Leal's lawyer, Sandra Babcock, criticised the supreme court's refusal to block the execution.

"This case was not just about one Mexican national on death row in Texas. The execution of Mr Leal violates the United States' treaty commitments, threatens the nation's foreign policy interests, and undermines the safety of all Americans abroad. That is why the US solicitor general, former diplomats, military leaders, and Americans detained overseas were among those who joined together to call for a stay of execution," she said.

"It is now imperative that Congress promptly act to ensure passage of legislation that will bring the US into compliance with its international legal commitments and provide judicial review to the forty Mexican nationals who remain on death row in violation of their consular rights."



http://www.guardian.co.uk/world/2011/jul/08/humberto-leal-garcia-executed-texas
 

Mike

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Texas & Buckwheat have been at war for some time now. Glad to see him lose a battle over right or wrong.

Not many states have governor's will balls the size of Perry's.
 

hypocritexposer

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obama had more connections to this story, that were not reported by the MSM.

"....Babcock’s work has been funded by the government of Mexico. According to Babcock’s biography, “From 2000-2006 she served as director of the Mexican Capital Legal Assistance Program, a program funded by the Mexican Foreign Ministry to assist Mexican nationals facing capital punishment in the United States. For her work, she was awarded the Aguila Azteca, the highest honor bestowed by the government of Mexico upon citizens of foreign countries, in 2003.”


a 2003 conference that featured Bernardine Dohrn, Van Jones, and representatives of the Soros-funded Open Society Institute. “The purpose of the conference was to find ways to insinuate international (read: United Nations) laws and resolutions in American legal arenas, as Sandra Babcock is attempting to do to free her client, Humberto Leal,” Trent reports on her blog.

http://www.rightsidenews.com/2011070714006/us/homeland-security/obama-pal-and-terrorist-dohrn-linked-to-mexican-killer-case.html
 

Trinity man

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Mike said:
Texas & Buckwheat have been at war for some time now. Glad to see him lose a battle over right or wrong.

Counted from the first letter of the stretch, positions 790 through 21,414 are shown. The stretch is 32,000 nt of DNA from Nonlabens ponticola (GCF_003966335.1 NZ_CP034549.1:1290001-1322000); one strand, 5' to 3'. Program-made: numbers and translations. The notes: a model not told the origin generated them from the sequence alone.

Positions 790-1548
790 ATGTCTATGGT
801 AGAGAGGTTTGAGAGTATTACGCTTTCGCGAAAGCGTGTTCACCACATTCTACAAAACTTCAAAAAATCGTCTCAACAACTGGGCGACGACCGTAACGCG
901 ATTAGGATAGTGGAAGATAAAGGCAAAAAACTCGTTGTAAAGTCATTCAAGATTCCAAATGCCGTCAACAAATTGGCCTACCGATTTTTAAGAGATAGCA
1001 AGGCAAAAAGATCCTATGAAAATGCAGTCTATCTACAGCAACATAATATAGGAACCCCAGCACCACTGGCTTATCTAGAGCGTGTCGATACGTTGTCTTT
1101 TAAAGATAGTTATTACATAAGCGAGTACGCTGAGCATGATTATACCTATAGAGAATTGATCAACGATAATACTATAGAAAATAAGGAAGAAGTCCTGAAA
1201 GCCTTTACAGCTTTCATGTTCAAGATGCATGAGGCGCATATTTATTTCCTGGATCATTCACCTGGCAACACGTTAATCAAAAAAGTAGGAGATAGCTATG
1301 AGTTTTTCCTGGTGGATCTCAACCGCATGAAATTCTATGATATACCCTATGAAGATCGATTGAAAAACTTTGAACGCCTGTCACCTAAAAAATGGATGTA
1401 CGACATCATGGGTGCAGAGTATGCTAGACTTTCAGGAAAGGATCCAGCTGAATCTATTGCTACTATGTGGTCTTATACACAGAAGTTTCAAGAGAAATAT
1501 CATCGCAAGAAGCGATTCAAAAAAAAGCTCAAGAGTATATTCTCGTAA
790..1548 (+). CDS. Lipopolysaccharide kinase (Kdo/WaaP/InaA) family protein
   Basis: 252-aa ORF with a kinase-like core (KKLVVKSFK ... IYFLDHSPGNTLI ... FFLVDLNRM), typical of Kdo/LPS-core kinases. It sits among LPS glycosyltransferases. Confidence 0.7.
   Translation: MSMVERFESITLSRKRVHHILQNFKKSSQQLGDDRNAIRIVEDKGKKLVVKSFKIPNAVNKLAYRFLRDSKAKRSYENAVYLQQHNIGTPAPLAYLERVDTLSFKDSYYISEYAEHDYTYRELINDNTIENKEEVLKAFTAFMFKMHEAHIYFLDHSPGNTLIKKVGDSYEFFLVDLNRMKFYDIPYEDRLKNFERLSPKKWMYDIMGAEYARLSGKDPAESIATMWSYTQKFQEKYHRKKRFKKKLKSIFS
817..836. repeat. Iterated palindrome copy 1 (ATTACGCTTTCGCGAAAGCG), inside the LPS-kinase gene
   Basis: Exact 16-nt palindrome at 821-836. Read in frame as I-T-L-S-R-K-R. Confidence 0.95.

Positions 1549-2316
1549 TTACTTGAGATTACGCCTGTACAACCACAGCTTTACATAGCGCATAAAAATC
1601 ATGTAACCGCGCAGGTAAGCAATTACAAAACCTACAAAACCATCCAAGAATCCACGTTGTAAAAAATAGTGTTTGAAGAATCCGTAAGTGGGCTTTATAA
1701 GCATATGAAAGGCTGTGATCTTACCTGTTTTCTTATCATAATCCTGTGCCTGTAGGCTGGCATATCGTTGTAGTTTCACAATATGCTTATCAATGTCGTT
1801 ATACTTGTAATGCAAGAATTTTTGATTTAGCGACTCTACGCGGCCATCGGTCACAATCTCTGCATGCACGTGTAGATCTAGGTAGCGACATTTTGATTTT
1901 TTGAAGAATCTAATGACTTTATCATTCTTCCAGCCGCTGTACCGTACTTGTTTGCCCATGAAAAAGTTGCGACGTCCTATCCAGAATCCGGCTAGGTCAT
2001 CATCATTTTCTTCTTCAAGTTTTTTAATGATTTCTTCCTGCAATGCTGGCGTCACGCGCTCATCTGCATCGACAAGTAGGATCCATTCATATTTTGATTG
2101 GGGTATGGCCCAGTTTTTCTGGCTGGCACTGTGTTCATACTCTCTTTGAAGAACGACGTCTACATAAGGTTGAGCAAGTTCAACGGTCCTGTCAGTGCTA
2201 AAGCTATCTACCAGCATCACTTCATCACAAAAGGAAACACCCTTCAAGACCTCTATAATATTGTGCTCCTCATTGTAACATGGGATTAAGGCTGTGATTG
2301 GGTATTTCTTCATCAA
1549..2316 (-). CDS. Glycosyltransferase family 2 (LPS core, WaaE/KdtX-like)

Not many states have governor's will balls the size of Perry's.

I hope he runs so we can get him out of Texas. He's about kill the teachers around here. It hard for very small school to cut any teachers. The other thing that dose worry me is if he get the job he may start up his superhiway thing again. He really brought out the back woods people when he try to push it, even some of his own family member was fighting him. His aunt worked at the Navasto sale barn and she was the main person in the march to Austin.
 

Steve

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Mexican Drug War
A Green Party billboard promoting the restoration of the death penalty[6]

The Mexican Drug War has fueled rising rates of violent crimes such as kidnapping and murder, prompting a reemergence of capital punishment into the political discourse. Mexico's Green Party, the Ecologist Green Party of Mexico, now the fourth biggest political force in the country, is waging a campaign to promote restoration of the death penalty, including the use of billboards,[6] as part of promotion of the party for the 2009 election for seats in Congress. There have been proposals to amend the Constitution of Mexico to allow capital punishment from both the PVEM and the Institutional Revolutionary Party, but both were rejected.[6][7] Although recent surveys have revealed that up to 70% of Mexicans support the restoration of the death penalty,

sure is ironic that it's the green party that is the one stepping up....

If there is one country where the death penalty is needed, it's Mexico,.. maybe Mexico should spend a bit more of it's time and money fixing it's problems...
 

okfarmer

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There is already capital punishment in Mexico, it's called the opposing cartel.


On the original topic:
a. If these individuals are here illegally- why would their consulate care? - they are not tourists.

b. I thought we were trying to create citizens out of these illegal aliens. So we are good with giving away health care, education, and social security money but not holding them accountable as a full citizen. I have such a hard time following the crowd these days. Just when I get headed North, they turn and head South.